Archive | October 2015

Conservation Field Days

1000 5th and 6th graders attended the 3-day event.

1000 5th and 6th graders attended the 3-day event.

Over 300 5th & 6th graders attended each day of the 51st Conservation Field Days.  That is 1,000 kids during the 3 days of the event which was held on September 22nd through September 24 at Koehnke’s Farm out past the Outagamie County Airport. There were also 5 Master Gardeners who volunteered as Tour Guides for the first year of this Sanctioned Project for us.

Animal skins at the wildlife station

Animal skins at the wildlife station

There were 9 course stations and 9 tour groups.  Teachers and parents also went along with each group to help. The 9 learning stations were Water, Quarry, Conservation Jeopardy, Gardens & Compost, Recycling, Forest Management, Pond & Wildlife, Food Production, and Soils. Everyone seemed to be having fun learning.  Each station was taught by 2 volunteers from County, State & Federal groups including UW Cooperative Extension Service, WI Department of Natural Resources, USDA Natural Resource Conservation, and Goodwill Community Gardens. Each course station included some interactive things which helped to keep all those kids involved and interested.

Pond/Wildlife Station

Pond/Wildlife Station

Outagamie County Master Gardeners were listed in the thank yous along with those other groups. The event is sponsored and organized by Outagamie County Land Conservation Department based right next door to our County Extension. Each day ran from 9:30am to 2:30pm, and was very fun and educational for all.  The weather was beautiful. All of us volunteers were provided a delicious and much appreciated meal for the lunch break and then back to guiding, teaching, etc.

OCMGA Volunteers Jill Botvinik and Sue Mings

OCMGA Volunteers Jill Botvinik and Sue Mings

TV Channel 5 was there on Tuesday and did a broadcast on their 5pm news program that day. I will admit that I went home, sat down on the couch and promptly fell asleep. Fresh air in the country, walking outside in the beautiful fall weather, helping kids learn, and a free lunch! I plan to be there next September.  Hope to see you too!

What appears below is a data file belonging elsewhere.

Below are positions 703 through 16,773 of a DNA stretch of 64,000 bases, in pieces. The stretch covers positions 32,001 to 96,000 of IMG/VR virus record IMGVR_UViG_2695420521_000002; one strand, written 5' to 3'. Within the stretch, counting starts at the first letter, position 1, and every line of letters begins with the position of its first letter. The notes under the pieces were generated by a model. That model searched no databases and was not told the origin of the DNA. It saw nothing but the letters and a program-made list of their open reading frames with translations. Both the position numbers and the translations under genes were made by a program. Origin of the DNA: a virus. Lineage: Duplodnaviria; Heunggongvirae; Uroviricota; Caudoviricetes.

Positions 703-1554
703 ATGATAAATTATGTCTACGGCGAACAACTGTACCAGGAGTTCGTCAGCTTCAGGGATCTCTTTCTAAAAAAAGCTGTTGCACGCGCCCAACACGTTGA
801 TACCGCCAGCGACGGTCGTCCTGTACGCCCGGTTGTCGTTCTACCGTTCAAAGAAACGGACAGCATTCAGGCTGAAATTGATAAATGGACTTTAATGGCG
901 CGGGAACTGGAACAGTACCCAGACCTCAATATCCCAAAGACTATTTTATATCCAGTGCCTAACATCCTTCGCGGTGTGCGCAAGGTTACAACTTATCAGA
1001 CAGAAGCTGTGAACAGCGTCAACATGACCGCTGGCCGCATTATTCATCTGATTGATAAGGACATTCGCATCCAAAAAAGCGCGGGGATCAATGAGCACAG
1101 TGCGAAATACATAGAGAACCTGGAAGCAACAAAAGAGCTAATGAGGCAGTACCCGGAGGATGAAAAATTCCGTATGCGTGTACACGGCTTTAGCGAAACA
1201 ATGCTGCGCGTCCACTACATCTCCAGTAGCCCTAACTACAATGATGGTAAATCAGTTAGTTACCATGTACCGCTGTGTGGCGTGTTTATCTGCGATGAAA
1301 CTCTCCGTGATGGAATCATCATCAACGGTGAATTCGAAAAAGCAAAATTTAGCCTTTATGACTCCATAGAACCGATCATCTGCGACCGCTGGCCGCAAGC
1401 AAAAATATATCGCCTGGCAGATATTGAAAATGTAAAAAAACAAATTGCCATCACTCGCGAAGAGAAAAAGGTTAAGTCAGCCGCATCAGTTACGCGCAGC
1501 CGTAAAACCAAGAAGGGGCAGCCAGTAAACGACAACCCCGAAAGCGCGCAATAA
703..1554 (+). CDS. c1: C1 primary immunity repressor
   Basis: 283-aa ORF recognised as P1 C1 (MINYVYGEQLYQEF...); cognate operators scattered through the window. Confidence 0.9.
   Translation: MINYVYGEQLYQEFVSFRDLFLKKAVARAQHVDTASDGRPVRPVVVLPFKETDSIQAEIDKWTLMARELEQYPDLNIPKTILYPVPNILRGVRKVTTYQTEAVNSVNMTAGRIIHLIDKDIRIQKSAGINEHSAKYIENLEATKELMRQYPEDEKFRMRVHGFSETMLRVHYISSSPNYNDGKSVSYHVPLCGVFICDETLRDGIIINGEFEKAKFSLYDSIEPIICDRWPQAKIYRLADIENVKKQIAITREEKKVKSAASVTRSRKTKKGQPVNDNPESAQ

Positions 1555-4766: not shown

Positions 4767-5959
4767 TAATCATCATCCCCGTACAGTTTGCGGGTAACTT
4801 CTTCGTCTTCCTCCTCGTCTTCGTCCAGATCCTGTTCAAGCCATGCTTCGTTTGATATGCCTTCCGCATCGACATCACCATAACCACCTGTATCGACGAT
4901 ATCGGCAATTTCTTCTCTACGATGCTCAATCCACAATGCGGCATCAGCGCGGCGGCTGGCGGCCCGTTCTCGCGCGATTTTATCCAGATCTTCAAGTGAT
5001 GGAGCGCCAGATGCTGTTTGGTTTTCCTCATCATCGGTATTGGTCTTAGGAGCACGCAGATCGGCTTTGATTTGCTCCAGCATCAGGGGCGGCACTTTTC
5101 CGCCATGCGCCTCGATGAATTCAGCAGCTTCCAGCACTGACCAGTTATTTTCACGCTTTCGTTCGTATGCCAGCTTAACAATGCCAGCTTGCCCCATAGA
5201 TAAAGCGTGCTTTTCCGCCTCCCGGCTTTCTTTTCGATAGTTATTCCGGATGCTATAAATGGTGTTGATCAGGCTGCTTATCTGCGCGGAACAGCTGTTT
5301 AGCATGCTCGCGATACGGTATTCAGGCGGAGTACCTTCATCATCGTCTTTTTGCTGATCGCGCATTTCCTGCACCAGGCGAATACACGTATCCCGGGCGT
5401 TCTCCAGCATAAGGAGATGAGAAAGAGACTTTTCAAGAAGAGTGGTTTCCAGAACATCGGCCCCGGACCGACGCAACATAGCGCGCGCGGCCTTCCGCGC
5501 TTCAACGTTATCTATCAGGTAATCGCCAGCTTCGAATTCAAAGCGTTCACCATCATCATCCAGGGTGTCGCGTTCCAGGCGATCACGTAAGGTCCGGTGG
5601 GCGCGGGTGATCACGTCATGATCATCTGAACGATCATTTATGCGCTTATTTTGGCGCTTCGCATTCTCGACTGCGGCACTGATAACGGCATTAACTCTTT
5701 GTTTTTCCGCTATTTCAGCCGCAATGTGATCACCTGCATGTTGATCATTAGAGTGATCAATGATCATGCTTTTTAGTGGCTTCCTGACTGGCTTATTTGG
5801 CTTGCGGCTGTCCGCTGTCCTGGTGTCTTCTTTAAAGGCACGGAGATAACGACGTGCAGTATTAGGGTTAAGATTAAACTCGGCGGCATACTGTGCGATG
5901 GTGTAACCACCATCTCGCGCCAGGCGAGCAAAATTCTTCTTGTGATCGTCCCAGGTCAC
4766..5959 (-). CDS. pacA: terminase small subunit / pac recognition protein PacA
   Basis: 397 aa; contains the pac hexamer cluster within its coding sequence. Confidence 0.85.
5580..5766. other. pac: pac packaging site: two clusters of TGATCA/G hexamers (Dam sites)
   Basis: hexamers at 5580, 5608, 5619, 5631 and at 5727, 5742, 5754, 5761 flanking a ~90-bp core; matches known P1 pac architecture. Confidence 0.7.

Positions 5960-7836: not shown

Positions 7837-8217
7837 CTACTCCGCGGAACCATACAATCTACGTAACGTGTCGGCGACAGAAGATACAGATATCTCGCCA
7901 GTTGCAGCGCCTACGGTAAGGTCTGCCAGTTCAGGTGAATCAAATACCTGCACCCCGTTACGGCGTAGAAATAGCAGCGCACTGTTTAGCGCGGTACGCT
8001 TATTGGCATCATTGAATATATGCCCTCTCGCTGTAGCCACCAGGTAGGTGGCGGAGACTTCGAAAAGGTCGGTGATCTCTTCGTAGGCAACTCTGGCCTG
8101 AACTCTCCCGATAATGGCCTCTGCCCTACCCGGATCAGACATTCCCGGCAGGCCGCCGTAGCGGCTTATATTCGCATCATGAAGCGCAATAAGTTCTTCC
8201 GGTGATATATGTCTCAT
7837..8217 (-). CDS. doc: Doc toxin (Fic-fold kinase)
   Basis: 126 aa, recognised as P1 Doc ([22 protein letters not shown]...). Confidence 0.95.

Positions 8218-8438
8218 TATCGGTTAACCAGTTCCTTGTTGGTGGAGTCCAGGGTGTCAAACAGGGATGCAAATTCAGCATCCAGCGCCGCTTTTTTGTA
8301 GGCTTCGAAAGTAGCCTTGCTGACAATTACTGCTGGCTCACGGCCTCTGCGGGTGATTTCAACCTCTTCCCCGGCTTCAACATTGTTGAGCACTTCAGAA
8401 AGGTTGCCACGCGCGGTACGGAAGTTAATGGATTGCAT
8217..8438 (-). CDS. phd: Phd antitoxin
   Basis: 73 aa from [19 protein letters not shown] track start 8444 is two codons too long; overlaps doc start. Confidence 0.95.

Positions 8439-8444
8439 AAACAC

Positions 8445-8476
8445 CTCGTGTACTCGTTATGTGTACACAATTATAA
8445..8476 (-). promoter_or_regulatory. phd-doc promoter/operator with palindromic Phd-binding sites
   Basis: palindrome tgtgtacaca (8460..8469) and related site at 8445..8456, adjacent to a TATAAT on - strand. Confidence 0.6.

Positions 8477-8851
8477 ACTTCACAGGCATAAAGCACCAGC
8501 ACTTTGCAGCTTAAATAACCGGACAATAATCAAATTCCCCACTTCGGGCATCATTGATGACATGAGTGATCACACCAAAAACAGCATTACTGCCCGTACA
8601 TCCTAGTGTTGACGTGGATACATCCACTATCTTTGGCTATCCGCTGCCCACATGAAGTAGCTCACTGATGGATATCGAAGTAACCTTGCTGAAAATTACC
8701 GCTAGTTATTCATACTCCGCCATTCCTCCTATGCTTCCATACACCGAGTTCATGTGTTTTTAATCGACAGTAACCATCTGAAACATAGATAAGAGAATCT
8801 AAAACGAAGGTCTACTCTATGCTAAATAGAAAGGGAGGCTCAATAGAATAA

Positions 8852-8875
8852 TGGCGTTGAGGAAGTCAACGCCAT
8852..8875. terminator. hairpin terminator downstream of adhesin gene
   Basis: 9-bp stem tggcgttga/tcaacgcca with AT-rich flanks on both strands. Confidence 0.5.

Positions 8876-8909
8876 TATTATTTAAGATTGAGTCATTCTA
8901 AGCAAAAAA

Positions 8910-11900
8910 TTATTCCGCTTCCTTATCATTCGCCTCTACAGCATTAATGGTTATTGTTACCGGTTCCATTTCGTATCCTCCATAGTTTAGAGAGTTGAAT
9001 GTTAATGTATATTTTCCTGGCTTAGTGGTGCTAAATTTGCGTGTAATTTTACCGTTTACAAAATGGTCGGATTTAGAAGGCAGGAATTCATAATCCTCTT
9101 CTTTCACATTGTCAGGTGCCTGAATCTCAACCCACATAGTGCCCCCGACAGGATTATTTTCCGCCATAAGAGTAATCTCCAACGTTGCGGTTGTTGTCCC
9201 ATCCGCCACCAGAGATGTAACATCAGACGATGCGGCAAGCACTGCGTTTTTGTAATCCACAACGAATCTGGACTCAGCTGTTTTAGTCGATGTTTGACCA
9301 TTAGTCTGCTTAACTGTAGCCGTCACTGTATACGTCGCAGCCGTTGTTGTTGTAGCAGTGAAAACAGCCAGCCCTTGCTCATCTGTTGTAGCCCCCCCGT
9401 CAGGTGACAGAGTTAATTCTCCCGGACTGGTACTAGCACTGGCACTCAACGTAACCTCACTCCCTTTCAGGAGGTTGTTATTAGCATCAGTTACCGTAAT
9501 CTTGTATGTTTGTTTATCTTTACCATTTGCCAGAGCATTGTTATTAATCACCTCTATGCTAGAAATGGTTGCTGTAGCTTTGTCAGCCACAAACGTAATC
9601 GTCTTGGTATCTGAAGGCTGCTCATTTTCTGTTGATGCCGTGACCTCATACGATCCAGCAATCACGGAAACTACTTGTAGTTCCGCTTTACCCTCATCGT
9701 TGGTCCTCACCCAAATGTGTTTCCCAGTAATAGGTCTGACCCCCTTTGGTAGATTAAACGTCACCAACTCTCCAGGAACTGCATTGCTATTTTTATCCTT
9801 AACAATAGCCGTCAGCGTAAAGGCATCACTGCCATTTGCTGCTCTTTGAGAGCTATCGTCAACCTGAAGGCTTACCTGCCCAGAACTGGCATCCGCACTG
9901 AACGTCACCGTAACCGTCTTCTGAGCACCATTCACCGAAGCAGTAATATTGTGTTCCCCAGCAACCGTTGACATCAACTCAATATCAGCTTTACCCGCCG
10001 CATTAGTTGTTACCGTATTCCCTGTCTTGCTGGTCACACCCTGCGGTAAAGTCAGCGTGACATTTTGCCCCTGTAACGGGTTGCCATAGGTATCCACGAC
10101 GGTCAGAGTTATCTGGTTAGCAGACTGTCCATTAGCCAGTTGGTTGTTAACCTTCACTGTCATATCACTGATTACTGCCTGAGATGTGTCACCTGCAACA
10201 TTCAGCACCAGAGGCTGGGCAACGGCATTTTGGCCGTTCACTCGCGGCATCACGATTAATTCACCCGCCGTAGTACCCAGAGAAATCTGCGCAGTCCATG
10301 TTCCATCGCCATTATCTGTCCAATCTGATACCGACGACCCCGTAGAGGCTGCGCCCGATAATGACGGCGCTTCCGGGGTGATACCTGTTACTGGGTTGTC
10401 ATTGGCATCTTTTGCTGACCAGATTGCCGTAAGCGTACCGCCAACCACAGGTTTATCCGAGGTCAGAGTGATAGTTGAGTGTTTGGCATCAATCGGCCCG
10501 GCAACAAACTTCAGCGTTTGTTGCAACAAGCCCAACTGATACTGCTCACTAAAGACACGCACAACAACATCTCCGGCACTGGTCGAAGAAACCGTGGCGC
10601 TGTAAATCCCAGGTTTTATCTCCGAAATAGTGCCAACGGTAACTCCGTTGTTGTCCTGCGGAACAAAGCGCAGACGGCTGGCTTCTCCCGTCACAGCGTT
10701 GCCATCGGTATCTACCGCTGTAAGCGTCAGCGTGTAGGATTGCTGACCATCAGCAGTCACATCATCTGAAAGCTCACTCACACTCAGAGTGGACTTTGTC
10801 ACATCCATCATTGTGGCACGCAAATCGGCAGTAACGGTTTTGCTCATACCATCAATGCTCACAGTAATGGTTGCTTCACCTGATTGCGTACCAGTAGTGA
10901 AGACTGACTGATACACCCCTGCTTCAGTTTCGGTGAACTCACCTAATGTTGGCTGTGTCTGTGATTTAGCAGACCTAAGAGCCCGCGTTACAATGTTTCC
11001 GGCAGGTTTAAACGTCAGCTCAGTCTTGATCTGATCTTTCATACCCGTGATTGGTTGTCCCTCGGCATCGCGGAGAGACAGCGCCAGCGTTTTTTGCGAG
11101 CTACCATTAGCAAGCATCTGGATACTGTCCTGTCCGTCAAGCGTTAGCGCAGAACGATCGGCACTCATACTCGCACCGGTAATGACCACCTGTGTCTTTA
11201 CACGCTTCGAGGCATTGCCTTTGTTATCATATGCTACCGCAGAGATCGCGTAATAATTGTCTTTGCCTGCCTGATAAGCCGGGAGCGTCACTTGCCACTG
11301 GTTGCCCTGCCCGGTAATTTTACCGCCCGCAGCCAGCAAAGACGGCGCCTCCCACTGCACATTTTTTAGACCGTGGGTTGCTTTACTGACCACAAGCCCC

Written by Jill Botvinik

Posted by Vicki

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Experiences with Growing Onions

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Rich Fischer with his bountiful crop of onions this year!

OCMGA has a diverse group of gardeners, many of whom are vegetable gardeners. I am very passionate about growing vegetables and this blog update shares my experiences with growing onions. I have been growing onions for many years. Initially I was planting onion sets. Sets work, but the resulting fruit is usually on the small side.  Then I had an awakening. I was fortunate to hear Richard Zontag, president of Jung seed Company, speak at the very first OCMGA Garden Expectations conference many years ago. Mr. Zontag told me that onion plants perform much better than sets. Since then I have been using onion plants with better results. I order the plants from Jung’s catalog in January and they arrive about mid-May just in time for planting. They come in a bundle of 60 or more plants.

This year just for fun I tried something different. I ordered a packet of Red Zepplin onion seeds from Jung’s and started them indoors late-March along with my tomatoes and peppers. The little bitty onion sprouts looked so small and wispy like hair. I did not give them much hope, but planted them in the garden mid-May anyway. OMG! Was I ever surprised at harvest time. These little bitty hairs grew into the best looking onions I have ever seen.   Maybe it is a one-off fluke. But I was so impressed with the results that I thought I’d share my experiment with my fellow gardeners who might want to try starting onions from seed for their vegetable garden.

Next year I am going start Copra onions from seed hoping to get a similar excellent result.

Written by Rich Fischer

Posted by Vicki